procedural generation

Mind the Trap

Week 12: New Minigames and Pathways


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Happy New Year to you all!

*cough* We’ve been slacking off a little on the weekly updates—new year resolution duly noted—but we’ve been hard at work! Here’s what’s been goin’ on since December of last year.

Minigame Rooms and Pathways

As some of you may recall, Mind the Traps is a dungeon crawler designed around pathways and rooms. In each room the players duke it out in fun Mario Party-like minigames yelling at each other and gawking spit from uncontrollable laughter. Between each room are sets of connecting pathways, a highly varied assortment of pillars, floating platforms, bridges, spikes, hidden traps, obvious traps, monsters, etc. etc. This is where all the devious fun comes in muahahaha.

Jodie has too many coins? Let’s smack her into the pit of lava. George winning too many minigames? Just let the monster snatch him up and feed on him until his pockets are empty of coins.

During these past couple weeks, we’ve been planning out all the minigames, traps, types of monsters, bosses and pathways and have been gradually crunching them out. The plan is to have a fully playable version by the end of this month, featuring 5 bosses, around 12 minigames, and about 30 pathways. Here’s a screenshot of us playing with fog and new procedurally generated pathways.

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Here’s a teaser for one of the boss concepts we’ve been playing with.

Spring traps boss (Twitter)

Story

We wanted the story and narrative to scream Stanley Parable and Battleblock Theatre—ridiculous and sarcastic humor. The team got together this past week and spent a good day chucking out a narrative. For now, let’s just say it involves puppy treats and squirrels, but we’ll reveal more later on. 😀

 

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Business & Marketing, Mind the Trap

Week 3 Vlog Updates: Promotional Campaigns, Camera Controller, Enemy AI, Procedural Generation


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See summary below.

Promotional Campaigns

We’ve been doing a lot of research on ways to promote our game next year, including the Indie MEGABOOTH at PAX, Kickstarter and Steam Greenlight.

It’s an extensive process to get accepted into the Indie MEGABOOTH. They look at not only your game but also your company, its members, and how you contribute to the community.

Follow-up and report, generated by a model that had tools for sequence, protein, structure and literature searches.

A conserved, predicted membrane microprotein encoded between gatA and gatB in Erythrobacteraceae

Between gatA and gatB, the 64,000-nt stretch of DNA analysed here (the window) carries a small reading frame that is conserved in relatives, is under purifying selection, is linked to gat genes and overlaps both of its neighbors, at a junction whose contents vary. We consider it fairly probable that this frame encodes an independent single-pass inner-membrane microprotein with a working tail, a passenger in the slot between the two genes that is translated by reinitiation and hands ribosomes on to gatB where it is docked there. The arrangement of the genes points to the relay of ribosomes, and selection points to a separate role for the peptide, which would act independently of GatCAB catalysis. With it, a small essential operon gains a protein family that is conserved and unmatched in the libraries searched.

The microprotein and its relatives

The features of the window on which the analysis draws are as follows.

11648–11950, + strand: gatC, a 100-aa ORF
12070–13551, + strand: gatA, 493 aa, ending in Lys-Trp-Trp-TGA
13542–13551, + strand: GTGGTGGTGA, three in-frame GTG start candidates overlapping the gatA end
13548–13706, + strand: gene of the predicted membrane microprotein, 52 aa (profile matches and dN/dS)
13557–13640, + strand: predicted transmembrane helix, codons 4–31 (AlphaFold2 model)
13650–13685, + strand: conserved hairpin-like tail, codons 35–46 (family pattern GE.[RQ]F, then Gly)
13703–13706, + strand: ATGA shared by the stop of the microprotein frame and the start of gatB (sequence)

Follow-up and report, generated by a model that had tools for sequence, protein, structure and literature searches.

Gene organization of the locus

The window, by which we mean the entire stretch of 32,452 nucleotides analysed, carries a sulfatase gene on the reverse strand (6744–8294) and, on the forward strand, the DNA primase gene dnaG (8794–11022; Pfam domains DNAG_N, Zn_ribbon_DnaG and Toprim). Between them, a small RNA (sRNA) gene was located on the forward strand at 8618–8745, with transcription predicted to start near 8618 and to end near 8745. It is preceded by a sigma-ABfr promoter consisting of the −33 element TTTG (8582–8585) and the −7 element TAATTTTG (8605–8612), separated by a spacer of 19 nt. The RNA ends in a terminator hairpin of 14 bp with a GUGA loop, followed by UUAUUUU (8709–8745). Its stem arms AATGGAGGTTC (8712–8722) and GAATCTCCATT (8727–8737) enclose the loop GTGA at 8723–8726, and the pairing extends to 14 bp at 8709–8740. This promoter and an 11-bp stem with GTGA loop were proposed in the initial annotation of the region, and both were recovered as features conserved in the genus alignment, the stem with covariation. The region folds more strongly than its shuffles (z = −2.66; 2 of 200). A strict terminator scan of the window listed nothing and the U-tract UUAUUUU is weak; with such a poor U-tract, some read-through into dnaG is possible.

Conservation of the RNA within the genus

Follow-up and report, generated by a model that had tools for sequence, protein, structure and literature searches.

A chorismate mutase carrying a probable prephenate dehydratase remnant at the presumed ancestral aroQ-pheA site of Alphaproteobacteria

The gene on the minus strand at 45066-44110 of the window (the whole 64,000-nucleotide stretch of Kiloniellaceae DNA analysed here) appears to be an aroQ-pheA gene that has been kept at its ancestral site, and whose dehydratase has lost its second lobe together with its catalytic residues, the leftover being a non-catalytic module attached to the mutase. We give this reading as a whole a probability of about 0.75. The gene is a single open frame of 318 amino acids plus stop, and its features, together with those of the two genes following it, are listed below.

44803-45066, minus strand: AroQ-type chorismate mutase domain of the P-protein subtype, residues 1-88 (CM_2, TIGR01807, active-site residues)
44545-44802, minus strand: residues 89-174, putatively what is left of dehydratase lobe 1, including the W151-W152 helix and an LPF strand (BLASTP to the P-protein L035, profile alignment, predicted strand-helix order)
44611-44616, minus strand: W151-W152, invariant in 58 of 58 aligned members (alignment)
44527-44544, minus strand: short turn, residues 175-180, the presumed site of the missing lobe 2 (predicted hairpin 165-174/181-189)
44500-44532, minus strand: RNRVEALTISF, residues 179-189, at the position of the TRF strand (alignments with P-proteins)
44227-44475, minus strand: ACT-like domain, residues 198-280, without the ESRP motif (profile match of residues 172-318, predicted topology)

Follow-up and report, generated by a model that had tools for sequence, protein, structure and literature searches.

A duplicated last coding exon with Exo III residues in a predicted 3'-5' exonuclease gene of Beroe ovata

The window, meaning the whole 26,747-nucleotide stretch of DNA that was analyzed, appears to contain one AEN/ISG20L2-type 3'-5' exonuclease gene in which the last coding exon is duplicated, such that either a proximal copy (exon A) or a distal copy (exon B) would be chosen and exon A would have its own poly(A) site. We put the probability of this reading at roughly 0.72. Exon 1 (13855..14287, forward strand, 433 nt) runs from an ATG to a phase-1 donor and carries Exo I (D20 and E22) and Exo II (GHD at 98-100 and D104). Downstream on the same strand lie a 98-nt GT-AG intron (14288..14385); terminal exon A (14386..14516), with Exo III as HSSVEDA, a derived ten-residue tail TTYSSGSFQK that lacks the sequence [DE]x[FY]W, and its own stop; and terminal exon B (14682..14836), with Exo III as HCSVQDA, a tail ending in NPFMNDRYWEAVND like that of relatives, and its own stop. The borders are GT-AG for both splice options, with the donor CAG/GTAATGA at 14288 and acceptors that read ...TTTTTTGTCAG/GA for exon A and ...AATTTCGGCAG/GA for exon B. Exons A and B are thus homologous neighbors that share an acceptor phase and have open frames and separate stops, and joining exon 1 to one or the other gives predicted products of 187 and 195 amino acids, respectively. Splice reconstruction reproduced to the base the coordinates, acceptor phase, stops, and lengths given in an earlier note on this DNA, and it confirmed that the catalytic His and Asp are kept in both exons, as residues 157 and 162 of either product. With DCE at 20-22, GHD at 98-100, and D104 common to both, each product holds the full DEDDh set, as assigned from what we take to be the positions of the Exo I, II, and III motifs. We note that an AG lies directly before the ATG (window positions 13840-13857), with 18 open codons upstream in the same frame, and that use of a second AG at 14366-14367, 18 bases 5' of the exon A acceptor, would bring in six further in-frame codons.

It’s currently too early in development to come up with a solid plan, but here are some preliminary goals:

  • Launch a Kickstarter campaign in the summer. The funding and publicity will allow us to extend development, add more features, and build a larger follower base in preparation for release.
  • Attend PAX in August.
  • Release game at the end of August. Selling in August means we avoid the hot beds for AAA studios to release their games, which is around the September to December time frame. Selling in August also allows us to take advantage of seasonal and holiday promotions, such as Thanksgiving and Christmas.

(more…)

Mind the Trap

Procedural Generation, Part 1: Looking Good So Far


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Mind the Traps is designed to be a fun-filled party game that you play with your friends for a few rounds, kinda like Mario Party and Super Smash Bros. For those reasons, it needs to be action-packed, short and replayable. Originally, we had a few options, such as creating a large amount of levels and adding character classes, but given that this would be our first commercial game we decided to go with a more risk averse approach—procedural generation.

So far, it’s turning out pretty good for the basic floor plan.

proceduralgeneration

If you had a chance to play the prototype, you’ve probably noticed that the game is broken down into pathways and mini-game rooms. We’ve continued with that method of level design and created a blueprint that procedurally generates pathways and rooms at the beginning before the game starts. It follows the simple logic of: for every 2 pathways (white colored blocks), a mini-game room (black block) is created. The final room (red block) is a boss room. 

All of this is kept uniform by following a simple set of rules:

  1. All rooms and pathways follow a simple grid system, where every 1000 by 1000 UE4 units are considered one “unit” in our grid.
  2. All rooms and pathways origin position are the centerpoint of the first 1 by 1 unit. So that if we have a room that is size 3 by 3, the centerpoint is at 1 by 1, the bottom-left-most corner of the square. This is so that calculating the entrance and exit positions of each room and path is uniform and easy.
  3. Every path and room is entered from the south, meaning the players only enter each room and path from the bottom of the room/pathway.
  4. Every path and room is exited from the north, meaning the players only exit each room and path from the top of the room/pathway.

Each previously created pathway and mini-game room is randomly chosen from preset arrays. Having arrays gives us the flexibility of adding more pathways and rooms in the future. (more…)